Of the many dramatic consequences of the end of the Cold War, few have been as notable as the sudden expansion in the international role of the United Nations. Consider for example, that the UN has embarked on almost as many peacekeeping operations in the four years that have passed since 1989, as it did in the four decades that preceded it. The prospects are that in the next few years its peacekeeping activities will expand faster still. In a sense, the very fact of the UN's interventionism is a guarantee of this, for it provides an incentive for conflicts to be taken to the point where intercession becomes inevitable.
It is no coincidence that the majority of the UN's peacekeeping operations to date have been in places that fall within anthropology's traditional domains - in Asia, Africa, and Central America - and there can be little doubt that it is those very areas that will provide most of the locations for the UN missions of the future. In many of these places, peacekeeping operations will inevitably become harbingers of the future, not merely because of their immediate impact on the ebb and flow of politics, but also because they will serve as a political model, as a pattern of order and governance. It is the peculiar power of such models that they produce imaginative - and therefore cultural and political - resonances that reach far beyond the fields where they are first tested: nationalism is one example. It is my belief that the workings of international peacekeeping as we see them today may well contain the elements of another such model, one that will probably be this century's most important political legacy to the next (412).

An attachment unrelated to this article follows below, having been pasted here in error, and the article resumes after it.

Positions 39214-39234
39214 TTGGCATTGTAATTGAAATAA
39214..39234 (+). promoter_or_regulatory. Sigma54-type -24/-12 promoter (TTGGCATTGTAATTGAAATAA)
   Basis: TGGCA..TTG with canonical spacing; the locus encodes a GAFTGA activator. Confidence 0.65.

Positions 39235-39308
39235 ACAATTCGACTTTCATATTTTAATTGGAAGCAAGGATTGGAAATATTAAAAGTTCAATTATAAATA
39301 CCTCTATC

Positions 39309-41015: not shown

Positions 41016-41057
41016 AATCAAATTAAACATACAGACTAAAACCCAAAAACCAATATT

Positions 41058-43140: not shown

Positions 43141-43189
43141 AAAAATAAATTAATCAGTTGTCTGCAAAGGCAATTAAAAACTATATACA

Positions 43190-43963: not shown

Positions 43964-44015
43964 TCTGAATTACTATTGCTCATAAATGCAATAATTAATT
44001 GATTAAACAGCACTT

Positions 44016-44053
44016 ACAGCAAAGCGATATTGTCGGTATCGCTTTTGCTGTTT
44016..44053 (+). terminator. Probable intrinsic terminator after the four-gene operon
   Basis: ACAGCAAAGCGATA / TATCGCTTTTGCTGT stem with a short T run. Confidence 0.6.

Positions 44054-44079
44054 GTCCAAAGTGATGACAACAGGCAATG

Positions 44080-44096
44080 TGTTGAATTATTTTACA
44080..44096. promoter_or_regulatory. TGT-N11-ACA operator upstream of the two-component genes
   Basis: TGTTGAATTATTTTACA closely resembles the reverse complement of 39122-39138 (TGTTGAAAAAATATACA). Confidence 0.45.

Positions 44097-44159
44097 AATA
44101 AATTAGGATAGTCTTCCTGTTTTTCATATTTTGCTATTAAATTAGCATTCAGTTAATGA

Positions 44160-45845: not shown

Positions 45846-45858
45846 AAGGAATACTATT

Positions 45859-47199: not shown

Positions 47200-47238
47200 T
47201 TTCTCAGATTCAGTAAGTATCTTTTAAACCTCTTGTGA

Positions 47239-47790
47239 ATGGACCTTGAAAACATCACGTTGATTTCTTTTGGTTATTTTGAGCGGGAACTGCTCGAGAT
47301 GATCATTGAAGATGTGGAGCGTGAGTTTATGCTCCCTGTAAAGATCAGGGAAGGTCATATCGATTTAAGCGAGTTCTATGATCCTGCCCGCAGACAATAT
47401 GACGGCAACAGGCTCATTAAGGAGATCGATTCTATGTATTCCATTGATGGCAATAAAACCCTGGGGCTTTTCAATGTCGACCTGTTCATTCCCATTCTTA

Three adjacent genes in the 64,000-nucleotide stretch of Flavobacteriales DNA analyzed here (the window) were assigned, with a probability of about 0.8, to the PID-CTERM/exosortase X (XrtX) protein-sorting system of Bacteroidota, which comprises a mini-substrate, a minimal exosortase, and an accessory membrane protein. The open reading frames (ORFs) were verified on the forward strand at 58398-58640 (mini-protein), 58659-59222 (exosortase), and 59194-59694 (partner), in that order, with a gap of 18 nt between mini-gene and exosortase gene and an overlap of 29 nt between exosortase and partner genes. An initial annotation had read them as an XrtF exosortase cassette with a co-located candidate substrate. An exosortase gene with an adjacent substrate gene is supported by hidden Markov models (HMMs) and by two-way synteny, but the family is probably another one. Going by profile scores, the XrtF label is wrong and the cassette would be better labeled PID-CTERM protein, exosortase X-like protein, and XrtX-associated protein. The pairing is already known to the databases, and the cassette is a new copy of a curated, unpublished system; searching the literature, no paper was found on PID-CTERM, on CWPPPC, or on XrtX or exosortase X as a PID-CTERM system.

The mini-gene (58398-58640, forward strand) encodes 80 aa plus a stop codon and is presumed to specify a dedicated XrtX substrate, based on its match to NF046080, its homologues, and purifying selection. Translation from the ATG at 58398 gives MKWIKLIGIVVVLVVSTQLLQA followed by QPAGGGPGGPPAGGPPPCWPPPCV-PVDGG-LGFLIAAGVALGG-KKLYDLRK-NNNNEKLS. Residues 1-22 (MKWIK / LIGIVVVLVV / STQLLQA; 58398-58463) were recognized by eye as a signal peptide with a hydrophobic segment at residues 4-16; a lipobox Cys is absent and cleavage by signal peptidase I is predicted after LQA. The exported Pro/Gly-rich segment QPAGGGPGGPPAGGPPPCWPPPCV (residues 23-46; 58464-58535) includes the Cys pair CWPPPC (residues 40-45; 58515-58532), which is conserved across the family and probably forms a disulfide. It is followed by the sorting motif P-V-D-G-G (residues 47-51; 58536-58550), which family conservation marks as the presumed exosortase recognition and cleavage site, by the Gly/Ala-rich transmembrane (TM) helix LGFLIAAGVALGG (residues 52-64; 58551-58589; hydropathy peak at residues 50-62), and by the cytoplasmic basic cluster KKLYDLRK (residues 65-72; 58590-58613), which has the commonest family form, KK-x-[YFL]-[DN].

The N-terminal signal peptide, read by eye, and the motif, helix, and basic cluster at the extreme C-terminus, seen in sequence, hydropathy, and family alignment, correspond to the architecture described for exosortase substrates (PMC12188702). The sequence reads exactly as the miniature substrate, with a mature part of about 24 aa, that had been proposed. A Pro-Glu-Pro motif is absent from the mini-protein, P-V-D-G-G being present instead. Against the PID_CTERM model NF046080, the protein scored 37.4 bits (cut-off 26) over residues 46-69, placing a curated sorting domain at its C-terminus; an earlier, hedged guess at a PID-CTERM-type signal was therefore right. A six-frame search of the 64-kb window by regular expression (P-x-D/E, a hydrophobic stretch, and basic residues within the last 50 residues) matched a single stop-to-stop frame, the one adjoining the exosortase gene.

Ghosh, Amitav. "The Global Reservation: Notes toward an Ethnography of International Peacekeeping." Cultural Anthropology 9.3(1994): 412–422.